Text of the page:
Your Apple ID is the email address and password you use to sign in to Apple services including iCloud, the App Store, the iTunes Store and more. Apple takes the privacy of your personal information very seriously and employs industry-standard practices to safeguard your Apple ID. Some of these practices are outlined below for your information. When using your Apple ID and any Internet account, there are also some best practices you can follow to maximize the security of your account.
How Apple keeps your account secure
Apple policy requires you use strong passwords with your Apple ID. Your password must have a minimum of 8 characters, not contain more than 3 consecutive identical characters, and include a number, an uppercase letter, and a lowercase letter.
You can also add extra characters and punctuation marks to make your password even stronger.
Using a strong password is the most important thing you can do to help keep your account secure. If you aren’t sure if you have a strong password, visit your Apple ID account page to reset your password as soon as possible.
Apple uses security questions to provide you with a secondary method to identify yourself online or when contacting Apple Support. Security questions are designed to be memorable to you but hard for anyone else to guess. When used in conjunction with other identifying information, they help Apple verify that you are the person who is requesting access to your account. If you haven't selected your security questions, visit your Apple ID account page to set them up.
Apple offers an optional security enhancement for your Apple ID called two-step verification. Two-step verification requires you to verify your identity using one of your devices before you can make changes to your account information at your Apple ID account page, sign in to iCloud, or make an iTunes, App, or iBooks Store purchase from a new device.
Starting this fall, Apple will offer an improved security method called two-factor authentication designed to ensure all the photos, documents, and other important data you store with Apple can be accessed only by you, and only with your devices. When you enter your Apple ID and password for the first time on a new device, we’ll ask you to verify your identity with a six-digit verification code. This code is displayed automatically on your other devices, or sent to a phone number you trust. Just enter the code to sign in and access your account on the new device.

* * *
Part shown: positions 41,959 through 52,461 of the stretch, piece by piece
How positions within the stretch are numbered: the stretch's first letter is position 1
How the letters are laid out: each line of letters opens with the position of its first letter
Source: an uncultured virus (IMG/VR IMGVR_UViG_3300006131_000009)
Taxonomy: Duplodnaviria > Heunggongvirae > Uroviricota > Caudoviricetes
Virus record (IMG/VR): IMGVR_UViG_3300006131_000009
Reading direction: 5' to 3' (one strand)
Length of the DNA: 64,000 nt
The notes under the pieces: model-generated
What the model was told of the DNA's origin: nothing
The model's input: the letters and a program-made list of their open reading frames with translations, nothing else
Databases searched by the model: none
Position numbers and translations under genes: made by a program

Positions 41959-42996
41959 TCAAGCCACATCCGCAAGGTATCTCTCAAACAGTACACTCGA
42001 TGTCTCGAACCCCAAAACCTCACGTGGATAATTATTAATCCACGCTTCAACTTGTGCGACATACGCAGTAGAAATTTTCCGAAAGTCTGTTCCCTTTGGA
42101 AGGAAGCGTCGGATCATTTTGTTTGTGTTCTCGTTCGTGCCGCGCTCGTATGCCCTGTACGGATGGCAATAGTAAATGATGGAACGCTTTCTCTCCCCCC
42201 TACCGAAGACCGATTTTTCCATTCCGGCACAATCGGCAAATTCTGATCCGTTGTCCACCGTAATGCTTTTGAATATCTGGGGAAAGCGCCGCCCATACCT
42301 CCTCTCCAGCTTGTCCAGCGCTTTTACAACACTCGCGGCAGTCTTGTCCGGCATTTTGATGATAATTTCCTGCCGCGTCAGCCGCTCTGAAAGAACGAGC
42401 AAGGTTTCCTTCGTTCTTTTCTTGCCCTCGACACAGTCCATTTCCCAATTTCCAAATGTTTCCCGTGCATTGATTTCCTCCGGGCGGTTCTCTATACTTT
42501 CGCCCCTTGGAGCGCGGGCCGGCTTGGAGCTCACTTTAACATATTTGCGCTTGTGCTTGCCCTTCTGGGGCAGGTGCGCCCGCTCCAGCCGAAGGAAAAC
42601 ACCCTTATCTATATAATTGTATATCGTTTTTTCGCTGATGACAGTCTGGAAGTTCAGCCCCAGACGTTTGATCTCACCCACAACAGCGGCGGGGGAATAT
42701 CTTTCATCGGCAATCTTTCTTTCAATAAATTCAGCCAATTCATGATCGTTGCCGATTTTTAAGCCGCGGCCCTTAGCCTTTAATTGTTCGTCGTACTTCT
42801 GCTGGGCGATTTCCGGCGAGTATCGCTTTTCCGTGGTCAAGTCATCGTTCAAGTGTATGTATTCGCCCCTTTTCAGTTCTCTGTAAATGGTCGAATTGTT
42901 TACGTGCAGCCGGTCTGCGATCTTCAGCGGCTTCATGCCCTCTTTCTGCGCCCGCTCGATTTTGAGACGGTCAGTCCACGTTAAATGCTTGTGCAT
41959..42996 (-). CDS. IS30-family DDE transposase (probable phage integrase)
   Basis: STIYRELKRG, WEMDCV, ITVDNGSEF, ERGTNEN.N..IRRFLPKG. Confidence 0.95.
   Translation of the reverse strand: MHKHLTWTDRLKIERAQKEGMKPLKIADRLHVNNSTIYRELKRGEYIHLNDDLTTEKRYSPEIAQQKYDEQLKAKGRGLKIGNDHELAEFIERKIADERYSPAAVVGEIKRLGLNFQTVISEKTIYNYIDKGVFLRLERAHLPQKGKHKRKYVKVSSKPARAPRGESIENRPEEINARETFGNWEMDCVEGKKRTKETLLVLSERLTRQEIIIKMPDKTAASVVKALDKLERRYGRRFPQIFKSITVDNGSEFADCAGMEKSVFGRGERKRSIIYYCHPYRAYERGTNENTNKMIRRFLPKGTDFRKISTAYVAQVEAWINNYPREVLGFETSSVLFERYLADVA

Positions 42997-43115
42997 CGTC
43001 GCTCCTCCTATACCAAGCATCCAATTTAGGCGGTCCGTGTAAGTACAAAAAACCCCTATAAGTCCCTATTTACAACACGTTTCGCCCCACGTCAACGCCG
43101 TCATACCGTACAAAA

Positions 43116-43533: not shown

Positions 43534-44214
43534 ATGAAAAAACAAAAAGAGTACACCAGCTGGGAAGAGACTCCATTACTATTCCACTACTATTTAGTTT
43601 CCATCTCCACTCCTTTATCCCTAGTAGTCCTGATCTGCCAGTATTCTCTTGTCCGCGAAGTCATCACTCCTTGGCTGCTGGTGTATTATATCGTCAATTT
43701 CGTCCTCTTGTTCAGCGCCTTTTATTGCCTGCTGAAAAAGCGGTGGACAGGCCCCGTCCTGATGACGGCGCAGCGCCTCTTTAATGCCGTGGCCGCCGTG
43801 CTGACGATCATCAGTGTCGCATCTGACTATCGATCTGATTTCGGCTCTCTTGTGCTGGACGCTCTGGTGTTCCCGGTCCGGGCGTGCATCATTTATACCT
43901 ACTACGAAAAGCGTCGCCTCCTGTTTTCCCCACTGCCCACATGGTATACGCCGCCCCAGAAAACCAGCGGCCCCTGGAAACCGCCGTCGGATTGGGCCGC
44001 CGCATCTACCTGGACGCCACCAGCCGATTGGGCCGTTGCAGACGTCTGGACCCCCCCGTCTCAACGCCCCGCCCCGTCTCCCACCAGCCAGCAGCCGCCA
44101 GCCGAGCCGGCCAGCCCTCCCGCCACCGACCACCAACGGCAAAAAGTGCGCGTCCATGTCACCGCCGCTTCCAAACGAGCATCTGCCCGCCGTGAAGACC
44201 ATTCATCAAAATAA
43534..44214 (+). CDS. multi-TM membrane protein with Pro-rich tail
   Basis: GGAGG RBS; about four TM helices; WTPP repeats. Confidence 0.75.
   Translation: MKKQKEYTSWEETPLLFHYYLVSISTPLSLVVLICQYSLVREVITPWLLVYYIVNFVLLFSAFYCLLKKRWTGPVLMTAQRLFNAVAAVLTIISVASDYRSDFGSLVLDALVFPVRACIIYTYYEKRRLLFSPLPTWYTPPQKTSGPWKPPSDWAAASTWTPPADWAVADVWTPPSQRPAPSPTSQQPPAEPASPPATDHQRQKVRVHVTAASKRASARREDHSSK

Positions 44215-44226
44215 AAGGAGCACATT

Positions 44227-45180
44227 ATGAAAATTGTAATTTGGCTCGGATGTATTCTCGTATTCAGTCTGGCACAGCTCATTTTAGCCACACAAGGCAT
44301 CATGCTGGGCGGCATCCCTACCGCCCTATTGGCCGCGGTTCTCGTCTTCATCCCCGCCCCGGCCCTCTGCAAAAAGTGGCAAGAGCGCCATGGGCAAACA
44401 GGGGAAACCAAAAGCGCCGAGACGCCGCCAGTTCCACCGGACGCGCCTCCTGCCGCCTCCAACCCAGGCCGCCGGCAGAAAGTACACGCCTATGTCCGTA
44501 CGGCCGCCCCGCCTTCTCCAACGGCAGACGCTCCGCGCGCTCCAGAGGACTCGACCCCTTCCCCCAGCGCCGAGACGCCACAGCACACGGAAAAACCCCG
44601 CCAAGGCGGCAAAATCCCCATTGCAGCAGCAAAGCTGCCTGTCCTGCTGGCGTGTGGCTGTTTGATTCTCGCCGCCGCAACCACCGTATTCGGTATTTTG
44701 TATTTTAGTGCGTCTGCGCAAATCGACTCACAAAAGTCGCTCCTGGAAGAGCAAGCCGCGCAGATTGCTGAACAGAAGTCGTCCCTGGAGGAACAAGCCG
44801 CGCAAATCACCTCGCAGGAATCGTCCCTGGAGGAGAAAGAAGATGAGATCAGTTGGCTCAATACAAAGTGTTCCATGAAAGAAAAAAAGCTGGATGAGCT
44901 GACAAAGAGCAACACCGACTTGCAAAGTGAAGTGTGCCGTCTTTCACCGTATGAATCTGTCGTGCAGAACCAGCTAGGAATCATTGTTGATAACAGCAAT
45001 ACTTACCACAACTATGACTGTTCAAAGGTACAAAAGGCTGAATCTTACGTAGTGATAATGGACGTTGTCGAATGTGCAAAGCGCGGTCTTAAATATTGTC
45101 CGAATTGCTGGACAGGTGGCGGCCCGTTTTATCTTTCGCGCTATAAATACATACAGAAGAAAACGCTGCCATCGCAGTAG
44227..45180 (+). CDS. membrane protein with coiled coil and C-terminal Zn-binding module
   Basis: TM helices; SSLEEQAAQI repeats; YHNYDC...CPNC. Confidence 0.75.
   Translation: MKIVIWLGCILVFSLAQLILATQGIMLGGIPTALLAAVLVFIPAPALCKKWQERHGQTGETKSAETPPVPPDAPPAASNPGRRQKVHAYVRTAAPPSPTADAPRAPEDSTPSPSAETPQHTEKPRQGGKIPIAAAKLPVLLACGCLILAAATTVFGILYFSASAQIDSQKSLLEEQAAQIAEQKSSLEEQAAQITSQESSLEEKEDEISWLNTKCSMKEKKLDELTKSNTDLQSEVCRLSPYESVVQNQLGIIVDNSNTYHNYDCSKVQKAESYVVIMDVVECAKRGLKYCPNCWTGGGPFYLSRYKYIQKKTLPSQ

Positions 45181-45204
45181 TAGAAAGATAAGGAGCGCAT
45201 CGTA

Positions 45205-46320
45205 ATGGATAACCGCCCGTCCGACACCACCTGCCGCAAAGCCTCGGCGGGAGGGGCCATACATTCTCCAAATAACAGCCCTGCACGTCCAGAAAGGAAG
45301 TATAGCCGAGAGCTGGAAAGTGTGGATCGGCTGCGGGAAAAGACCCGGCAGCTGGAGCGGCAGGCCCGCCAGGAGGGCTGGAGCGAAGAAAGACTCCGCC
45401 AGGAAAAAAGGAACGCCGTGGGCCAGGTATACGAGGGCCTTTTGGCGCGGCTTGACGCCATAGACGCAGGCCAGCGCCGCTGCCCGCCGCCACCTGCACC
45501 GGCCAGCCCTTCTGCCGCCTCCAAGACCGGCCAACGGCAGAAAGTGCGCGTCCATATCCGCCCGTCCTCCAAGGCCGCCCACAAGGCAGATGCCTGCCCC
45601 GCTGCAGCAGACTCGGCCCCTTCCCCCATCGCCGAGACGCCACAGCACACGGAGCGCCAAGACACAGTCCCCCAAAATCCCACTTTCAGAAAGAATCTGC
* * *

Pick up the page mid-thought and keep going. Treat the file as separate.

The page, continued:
Two-factor authentication is built right in to iOS 9 and OS X El Capitan. It will gradually be made available to users who meet the system requirements on all the devices they use with their Apple ID.
Encryption and SSL
All web pages where you can view or change your Apple ID utilize Secure Sockets Layer (SSL) to protect your privacy. Look for the lock icon in your browser when accessing your account at your Apple ID account page to know your session is fully encrypted and secure.
Employee privacy and security policies
In addition to strong passwords, encryption, and other technology, Apple has strict policies and procedures in place to prevent unauthorized access to your account. Without proof of your identity via security questions and other carefully selected criteria, Apple Support can't help you reset a password or perform any other actions on your account. These policies are audited and reviewed on a regular basis.
Other tips for keeping your account secure
Good online security requires a combination of good practices by companies using Internet services and informed behavior by users. Below are some good rules to follow to maximize your security when using your Apple ID and other online accounts.
- Always use a strong password.
- Avoid using your Apple ID password with other online accounts.
- Change your password regularly, and avoid reusing old passwords.
- Don’t share your password with anyone, even family members.
- Never send your password or any private account information over email.
- Choose security questions and answers that cannot be easily guessed by someone else. To be even more secure, your answers can even be nonsense as long as you can remember them. For example, Question: What is your favorite color? Answer: Mozart.
- Add a rescue email address to your Apple ID.
- Avoid phishing scams. Don’t click on links in suspicious email messages, and don’t provide personal information on any website you aren’t certain is legitimate.
- If you suspect that someone knows your Apple ID username and password, change your account password immediately.
- When using a public computer, always sign out when your session is complete to prevent other people from accessing your account.
- If you abandon an email address associated with your Apple ID, be sure to update your Apple ID with a current email address. Some Internet service providers may reissue abandoned email addresses to new customers.
Internet Service Providers, including mobile carriers, may reissue email addresses. If at any time you stop using an email address associated with your Apple ID, be sure to update your Apple ID with a current email address.
If your account information has been compromised, select the appropriate resource below for assistance.